The degree and certificate programs, both approved by the American Bar Association, are designed to prepare students to serve as legal assistants in law offices, corporations, and public agencies. The Legal Assistant is a paraprofessional who, under the supervision of an attorney, performs specifically delegated substantive legal work that may ethically be performed by a non-lawyer. The terms legal assistant and paralegal are interchangeable.
Both the degree and certificate programs provide students with a general background in the major areas of law practiced in law offices, and train students to prepare the necessary documents involved, such as probate forms, title reviews, closing documents, pleadings and discovery proceedings, legal memoranda, corporate filings and minutes, thereby permitting an attorney to perform legal services more efficiently and economically.
Skillful use of the English language and a high level of verbal and written competence are essential for successful completion of the Legal Assistant courses. Students must be eligible for ENG 101 to register in the Legal Assistant Program.
Approval of the Program Coordinator is necessary for admission to either Legal Assistant Program.
Transfer credits are subject to the general transfer policies of Norwalk Community College. Further, only 3 Legal Specialty courses beyond LGL 101 may be accepted for transfer. All Legal Specialty transfer credits must be from and ABA approved program and approved for transfer by the Legal Assistant Program Coordinator. Exceptions may be made at the discretion of the Legal Assistant Program Coordinator.
Unauthorized Practice of Law
Paralegals may not provide legal services directly to the public, except as permitted by law.
Upon successful completion of the degree or certificate program requirements, graduates will be able to:
- Demonstrate reasoning and analytical skills in the application of legal concepts to the issues faced day-to-day in a law office;
- Understand the ethical issues involved in working as a paraprofessional in the legal field;
- Apply basic knowledge from social sciences, arts, literature, science and mathematics to understand and create solutions to problems encountered in the legal field;
- Acquire, organize and present information effectively orally and in writing;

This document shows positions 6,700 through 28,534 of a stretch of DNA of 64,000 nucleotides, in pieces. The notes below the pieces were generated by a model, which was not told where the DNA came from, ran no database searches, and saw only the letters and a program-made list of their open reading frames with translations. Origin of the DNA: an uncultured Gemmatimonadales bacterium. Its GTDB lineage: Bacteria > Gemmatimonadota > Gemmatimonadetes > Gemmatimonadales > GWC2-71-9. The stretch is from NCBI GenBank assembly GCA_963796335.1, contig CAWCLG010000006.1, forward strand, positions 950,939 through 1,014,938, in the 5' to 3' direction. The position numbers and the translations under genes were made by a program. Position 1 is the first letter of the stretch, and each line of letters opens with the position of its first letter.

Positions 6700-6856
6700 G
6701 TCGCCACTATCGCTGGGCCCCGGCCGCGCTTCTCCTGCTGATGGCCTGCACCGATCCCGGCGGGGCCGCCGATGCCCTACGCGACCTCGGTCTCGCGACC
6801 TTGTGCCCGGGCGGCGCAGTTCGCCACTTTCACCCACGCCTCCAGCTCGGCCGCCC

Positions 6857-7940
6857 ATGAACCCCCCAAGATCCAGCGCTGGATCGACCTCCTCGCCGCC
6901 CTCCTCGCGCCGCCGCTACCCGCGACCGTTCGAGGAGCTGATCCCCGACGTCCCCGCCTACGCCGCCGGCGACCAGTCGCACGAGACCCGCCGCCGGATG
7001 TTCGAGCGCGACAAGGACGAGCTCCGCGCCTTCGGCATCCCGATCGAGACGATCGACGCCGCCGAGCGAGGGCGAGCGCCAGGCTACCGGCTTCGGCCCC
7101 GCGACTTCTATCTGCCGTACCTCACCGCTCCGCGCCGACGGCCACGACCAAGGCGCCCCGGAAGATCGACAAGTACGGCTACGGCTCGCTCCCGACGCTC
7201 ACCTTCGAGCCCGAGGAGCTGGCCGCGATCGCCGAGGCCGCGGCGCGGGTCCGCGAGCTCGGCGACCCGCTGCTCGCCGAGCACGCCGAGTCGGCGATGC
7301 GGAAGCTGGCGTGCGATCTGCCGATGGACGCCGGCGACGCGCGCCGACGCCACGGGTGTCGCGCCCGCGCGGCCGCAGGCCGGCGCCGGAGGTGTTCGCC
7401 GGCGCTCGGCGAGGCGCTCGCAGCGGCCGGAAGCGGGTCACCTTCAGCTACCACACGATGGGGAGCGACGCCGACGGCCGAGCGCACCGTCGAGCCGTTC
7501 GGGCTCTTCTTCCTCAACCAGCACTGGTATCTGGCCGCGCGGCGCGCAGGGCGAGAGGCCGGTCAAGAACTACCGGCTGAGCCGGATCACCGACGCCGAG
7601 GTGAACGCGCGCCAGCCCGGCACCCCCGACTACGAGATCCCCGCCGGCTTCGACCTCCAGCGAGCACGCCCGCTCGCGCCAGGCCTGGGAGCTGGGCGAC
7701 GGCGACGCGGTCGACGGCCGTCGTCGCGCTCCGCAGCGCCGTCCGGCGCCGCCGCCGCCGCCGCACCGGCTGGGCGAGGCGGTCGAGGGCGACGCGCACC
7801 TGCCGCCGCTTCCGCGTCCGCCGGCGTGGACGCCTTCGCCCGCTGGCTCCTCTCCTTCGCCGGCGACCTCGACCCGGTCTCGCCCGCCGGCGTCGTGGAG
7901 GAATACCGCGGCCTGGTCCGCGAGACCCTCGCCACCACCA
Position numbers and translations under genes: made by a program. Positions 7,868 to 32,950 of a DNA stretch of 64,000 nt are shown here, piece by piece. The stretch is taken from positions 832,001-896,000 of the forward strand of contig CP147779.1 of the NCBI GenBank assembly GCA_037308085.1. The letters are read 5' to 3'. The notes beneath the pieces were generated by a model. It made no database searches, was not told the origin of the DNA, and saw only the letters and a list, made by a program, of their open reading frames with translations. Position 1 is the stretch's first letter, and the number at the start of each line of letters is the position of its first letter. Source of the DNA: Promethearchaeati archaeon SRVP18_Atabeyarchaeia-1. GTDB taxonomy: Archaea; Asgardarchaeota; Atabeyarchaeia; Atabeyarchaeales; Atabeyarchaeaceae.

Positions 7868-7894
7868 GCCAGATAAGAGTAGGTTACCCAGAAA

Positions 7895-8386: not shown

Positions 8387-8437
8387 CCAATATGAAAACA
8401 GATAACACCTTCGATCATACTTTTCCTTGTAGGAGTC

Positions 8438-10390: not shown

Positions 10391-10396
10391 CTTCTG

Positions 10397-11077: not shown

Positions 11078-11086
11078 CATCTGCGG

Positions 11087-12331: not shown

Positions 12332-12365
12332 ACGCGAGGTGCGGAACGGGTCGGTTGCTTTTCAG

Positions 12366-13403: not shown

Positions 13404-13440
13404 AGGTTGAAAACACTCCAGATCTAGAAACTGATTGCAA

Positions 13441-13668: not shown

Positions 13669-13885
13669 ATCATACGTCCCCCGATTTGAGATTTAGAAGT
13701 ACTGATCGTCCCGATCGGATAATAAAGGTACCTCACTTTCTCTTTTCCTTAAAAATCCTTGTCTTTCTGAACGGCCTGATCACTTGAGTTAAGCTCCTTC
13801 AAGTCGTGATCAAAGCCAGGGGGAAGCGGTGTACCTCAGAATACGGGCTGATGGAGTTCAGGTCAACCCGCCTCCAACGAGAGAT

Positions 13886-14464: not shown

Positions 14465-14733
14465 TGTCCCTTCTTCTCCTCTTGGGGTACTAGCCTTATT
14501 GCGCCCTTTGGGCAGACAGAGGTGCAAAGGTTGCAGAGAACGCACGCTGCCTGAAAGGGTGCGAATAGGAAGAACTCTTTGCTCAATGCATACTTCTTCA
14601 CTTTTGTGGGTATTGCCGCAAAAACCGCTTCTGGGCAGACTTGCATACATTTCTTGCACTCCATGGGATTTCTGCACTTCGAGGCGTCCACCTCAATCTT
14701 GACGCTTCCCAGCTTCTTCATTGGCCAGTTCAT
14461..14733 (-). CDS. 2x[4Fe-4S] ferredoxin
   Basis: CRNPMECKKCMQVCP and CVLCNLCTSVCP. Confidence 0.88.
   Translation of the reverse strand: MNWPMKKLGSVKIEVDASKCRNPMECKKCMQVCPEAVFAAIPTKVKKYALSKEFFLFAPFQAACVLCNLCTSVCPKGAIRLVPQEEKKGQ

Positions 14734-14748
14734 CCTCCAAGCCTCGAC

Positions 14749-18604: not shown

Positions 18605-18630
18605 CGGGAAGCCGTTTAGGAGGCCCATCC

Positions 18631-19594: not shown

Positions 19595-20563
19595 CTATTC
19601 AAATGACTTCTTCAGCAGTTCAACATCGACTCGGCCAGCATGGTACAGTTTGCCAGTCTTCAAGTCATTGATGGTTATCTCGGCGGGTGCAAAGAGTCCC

- Research legal issues, both in the traditional manner and through computer research, identifying applicable statutes, regulations and case law;
- Demonstrate the writing skills necessary to work in a law office;
- Gather information and interview clients and witnesses in a meaningful manner in support of the particular casework involved;
- Understand and prepare real estate closing documents such as deeds, mortgages, settlement statements and title insurance binders;
- Gather information and prepare estate inventories, inheritance tax forms or prepare court documents in divorce and other family law proceedings;
- Understand the trial process and draft and answer complaints and other pleadings and discovery documents such as interrogatories and requests for production;
- Understand the administrative process and how to interface with administrative agencies and respond to information requests by agencies and to prepare and file administrative claims;
- Demonstrate an understanding of the various different business organizations and how to prepare the documents to establish, incorporate or organize them;
- Know and understand the functions and benefits of membership in local and national paralegal associations;
- Possess the eligibility requirements for taking the Certified Legal Assistant Examination (CLA), a private, non-mandatory certification offered by the National Association of Legal Assistants; and
- Display the ability to work in a law office and the traits and attitudes necessary for a successful career as a paralegal.